RICHMOND, VA (WWBT) - That shirt from the 90's sitting in your drawer, or last year's skinny jeans, are just asking to be dropped off. You take them to one of those bins located in a parking lots. Seems like a win-win, but do you really know where your generosity is going?
Your old stuff gives developmentally-disabled folks like Irvin Ingram a place to work.
"The people are nice. I get along with everybody," said Ingram.
His steady job at Goodwill has helped him pay for college courses. It's changed his life.
"Having my own money and to do stuff that I want to do with it is just excellent," added Ingram.
But charities like Goodwill are now facing unexpected competition. Donation bins are popping up in parking lots across greater Richmond.
"The truth of the matter is, it's taking away from the revenue that goodwill could be generating, in our stores," said Ellen Thornhill, a communications director for Goodwill.
We found bins everywhere - two were sitting outside a business that's no longer open. Some tout the virtues of recycling. Others claim to be a charities. A few don't say much - like a box we found outside a tattoo parlor in Richmond.
"She dropped off no business card, no paperwork no anything. She came in by herself , asked if she could do that and then next thing I know the box is here," said Melanie Troutman, an employee of the parlor.
She says a woman showed up and offered to pay $25 a month to keep the bin in the parking lot.
We asked her, do you have any idea where this stuff goes? "I have no idea!" she answered.
Some of the boxes tell you flat out, they are not a charity, they are "for-profit". You just have to read the fine print.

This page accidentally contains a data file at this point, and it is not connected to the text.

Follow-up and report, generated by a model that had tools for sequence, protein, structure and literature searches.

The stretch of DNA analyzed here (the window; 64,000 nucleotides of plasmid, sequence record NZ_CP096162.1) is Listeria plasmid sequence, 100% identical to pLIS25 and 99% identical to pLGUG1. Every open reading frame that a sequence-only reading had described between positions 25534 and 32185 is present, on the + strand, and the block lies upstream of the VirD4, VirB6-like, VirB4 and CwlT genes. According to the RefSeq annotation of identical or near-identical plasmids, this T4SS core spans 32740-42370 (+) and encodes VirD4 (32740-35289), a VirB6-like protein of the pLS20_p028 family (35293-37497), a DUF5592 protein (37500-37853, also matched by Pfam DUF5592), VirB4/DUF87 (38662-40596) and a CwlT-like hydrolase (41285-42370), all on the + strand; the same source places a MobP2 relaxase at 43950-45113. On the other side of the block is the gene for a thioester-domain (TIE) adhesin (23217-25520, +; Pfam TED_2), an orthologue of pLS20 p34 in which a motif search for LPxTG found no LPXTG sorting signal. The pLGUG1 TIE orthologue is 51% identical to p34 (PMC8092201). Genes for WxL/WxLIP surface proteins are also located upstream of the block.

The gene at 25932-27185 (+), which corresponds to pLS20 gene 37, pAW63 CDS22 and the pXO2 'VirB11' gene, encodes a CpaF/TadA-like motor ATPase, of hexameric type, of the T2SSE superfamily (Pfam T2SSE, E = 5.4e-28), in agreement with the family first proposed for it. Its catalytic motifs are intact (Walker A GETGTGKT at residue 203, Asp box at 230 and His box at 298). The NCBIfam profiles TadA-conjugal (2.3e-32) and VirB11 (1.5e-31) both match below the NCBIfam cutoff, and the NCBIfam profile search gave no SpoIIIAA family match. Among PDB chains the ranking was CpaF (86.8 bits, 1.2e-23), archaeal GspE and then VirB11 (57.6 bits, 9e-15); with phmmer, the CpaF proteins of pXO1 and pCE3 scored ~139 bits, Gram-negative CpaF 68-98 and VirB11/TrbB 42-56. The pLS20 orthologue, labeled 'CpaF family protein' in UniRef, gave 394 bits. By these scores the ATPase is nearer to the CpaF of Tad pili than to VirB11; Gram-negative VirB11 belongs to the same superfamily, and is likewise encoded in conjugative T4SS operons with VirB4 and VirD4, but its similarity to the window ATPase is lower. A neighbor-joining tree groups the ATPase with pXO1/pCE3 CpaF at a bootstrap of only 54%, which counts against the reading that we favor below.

We found a blue donation bin outside a convenience store on Forest Hill Avenue that said your donations benefited the Childhood Disease Research Foundation. On its website, the group says it's a 501-3C and an operating arm of Optimal Medical Foundation.
According to a Tampa Bay Times investigative research project, Optimal Medical Foundation is one of America's 50 worst charities. They ranked the company #34. According to tax filings over the last decade, the company raised $7.8 million and spent 97% of its donations paying solicitors.
What you don't realize is your donated clothes are a big business.
"There's this tremendous salvage business that exists," said Thornhill.
Used clothes are a major commodity, packaged and sold by the ton. Even what's not sold at Goodwill goes overseas to places like Africa and China. It's used as mattress or pillow stuffing.
"If they're stained, if they're torn, if they're ripped we're not just throwing those in the trash," said Thornhill. She says at Goodwill, 84% of the revenue generate by your donations goes back into the job training programs for people like Southside's Rawlicia Pryor. "I'm proof of that. That it can happen. You just apply yourself, you'll be able to get a job."
The abundance of bins is cutting into business. "That's of great concern to us. If we don't have the continued and ongoing donation stream from the community, we cannot help all of the thousands of people that we help every year," said Thornhill.
Some of the bins are run by for-profit businesses, but they team up with a legitimate non-profits. For instance, clothes donated to the bins you see with Special Olympics Virginia logos are recycled by the company Tidewater Textile Recycling. That company pays Special Olympics a monthly fee to use the logo on the bins. A spokesperson for Special Olympics says Tidewater Textile Recycling is its second largest cash sponsor and really supports its efforts.
According to the International Trade Commission, the U.S. exported more than $636 million worth of salvaged clothes last year. The lesson here is: those donation boxes may be convenient, but just like you do with any charities, you need to do your research and know who is getting your donations and they do with them